Pan-European VC btov Partners closes new Industrial Tech Fund at €100 million

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Pan-European VC fund btov Partners has announced the closing of its Industrial Technologies Fund at its target size of €100 million – making it one of the largest European early-stage VC funds dedicated to industrial deep tech investments.

Founded in 2000, btov Partners is a European venture capital firm with offices in Berlin, Munich, St. Gallen and Luxembourg, with a focus on digital and industrial technology companies.

The Fund was led by partners Robert Gallenberger, Benedikt Kronberger, Christian Reitberger and Christian Schütz. It benefits from a broad LP base comprised of entrepreneurs, family offices, endowments, corporate investors, and banking institutions, as well as public investors EIF, LfA and NRW Bank.

The LP base covers multiple European countries including Germany, Switzerland, Austria, Denmark, Luxembourg, France and Turkey.

“We are very grateful for the trust of so many European institutions, leading industrial corporates and individuals who have come on board as LPs of the Industrial Tech Fund in the last few months,” said Dr. Christian Reitberger. “It underlines our goal to serve the whole European industrial startup community, capitalising on our strong roots in the DACH region.”

The investment team is facing a very strong deal flow from across Europe.

“We continue to pursue the areas mentioned above, but will also aim at adding portfolio companies in our other search areas, like design & development tools, electronics & photonics, advanced mobility as well as new energy technologies,” btov said in a statement.

A recent btov analysis of close to 190 individual exits (trade sales as well as IPOs) of European startups in the relevant technology fields over the last decade shows that total exit volumes have more than doubled, from around €4 billion in the first half of the period, 2010-2014, to around €10 billion in the second half, from 2015 to 2019.

“Corporate buyers from Europe and abroad recognise the increasing technological substance, market opportunities and strategic value of European Industrial Tech startups which manifests itself in increasing transaction volumes (in euro amounts) over time. Whilst we cannot precisely target M&A activity swings, the overall doubling of realized value is an encouraging signal for the future.”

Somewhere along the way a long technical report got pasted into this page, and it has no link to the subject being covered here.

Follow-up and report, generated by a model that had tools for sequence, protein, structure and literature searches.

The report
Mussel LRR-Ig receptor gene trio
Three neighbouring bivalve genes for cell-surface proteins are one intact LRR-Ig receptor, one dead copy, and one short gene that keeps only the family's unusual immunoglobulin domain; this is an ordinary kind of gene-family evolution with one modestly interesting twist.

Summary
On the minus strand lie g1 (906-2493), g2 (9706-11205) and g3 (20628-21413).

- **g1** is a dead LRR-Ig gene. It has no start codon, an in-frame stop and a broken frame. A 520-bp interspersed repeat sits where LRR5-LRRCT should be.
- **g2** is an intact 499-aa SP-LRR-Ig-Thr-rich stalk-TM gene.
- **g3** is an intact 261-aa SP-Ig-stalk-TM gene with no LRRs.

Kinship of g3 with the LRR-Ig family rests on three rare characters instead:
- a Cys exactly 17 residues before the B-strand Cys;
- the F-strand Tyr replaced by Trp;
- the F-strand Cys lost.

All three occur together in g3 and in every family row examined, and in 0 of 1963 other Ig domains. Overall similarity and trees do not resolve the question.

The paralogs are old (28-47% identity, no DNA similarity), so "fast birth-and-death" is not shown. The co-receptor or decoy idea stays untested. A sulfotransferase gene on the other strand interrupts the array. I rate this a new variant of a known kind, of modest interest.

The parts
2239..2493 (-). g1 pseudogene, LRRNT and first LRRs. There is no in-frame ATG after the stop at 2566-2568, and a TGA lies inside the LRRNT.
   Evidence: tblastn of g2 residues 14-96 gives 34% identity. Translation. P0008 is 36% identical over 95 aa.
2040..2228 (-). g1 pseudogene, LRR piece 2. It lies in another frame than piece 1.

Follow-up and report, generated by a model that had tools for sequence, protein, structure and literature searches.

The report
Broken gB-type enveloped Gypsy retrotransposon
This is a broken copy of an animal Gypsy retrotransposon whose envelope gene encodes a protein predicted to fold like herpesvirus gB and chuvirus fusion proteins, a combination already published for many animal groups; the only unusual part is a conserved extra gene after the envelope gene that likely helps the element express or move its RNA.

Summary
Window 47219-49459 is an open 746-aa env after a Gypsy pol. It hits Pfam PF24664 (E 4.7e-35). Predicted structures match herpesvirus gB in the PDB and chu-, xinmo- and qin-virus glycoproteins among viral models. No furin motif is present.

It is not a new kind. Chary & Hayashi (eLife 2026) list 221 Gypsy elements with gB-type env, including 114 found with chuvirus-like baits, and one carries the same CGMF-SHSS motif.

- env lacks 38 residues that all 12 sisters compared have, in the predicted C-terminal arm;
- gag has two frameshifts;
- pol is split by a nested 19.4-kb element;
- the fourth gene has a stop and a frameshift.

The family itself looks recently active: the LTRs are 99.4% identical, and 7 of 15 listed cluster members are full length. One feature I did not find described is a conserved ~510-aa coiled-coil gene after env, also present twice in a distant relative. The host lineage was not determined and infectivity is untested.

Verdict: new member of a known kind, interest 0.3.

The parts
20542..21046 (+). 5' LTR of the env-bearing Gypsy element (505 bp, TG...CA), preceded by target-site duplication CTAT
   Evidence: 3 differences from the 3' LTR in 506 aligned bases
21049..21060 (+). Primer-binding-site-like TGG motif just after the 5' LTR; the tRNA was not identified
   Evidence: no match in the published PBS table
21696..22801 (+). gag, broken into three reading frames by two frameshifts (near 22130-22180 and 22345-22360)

Executing an early stage investment strategy, it will be critical for the team to develop even more and earlier buy-in from the European growth investor ecosystem.

“We are very happy to see large international funds slowly entering the industrial deep tech field in Europe,” said Benedikt Kronberger. “We are committed to building even stronger ties with the growth investor community to develop an ongoing and sufficiently detailed dialogue between early and late stage investors. We can build very big companies in our sector, but it requires sufficient follow-on financing and adapted KPIs as well as milestones to properly judge early achievements and traction in the context of industrial validation, certification and sales cycles. Recognizing early signs of success at the right point in time will offer massive scale up opportunities in what we consider the industrial core of our European economy.”

“There still seems to be many prejudices in the market as to the capital efficiency of industrial startups,” added Schütz. “Our companies will often take more capital before they can ramp towards double digit-million revenue numbers, if compared to B2C companies. However, overall capital efficiency can be much better, as industrial companies most of the time need to invest significantly less in brand building and achieve higher customer retention rates.”

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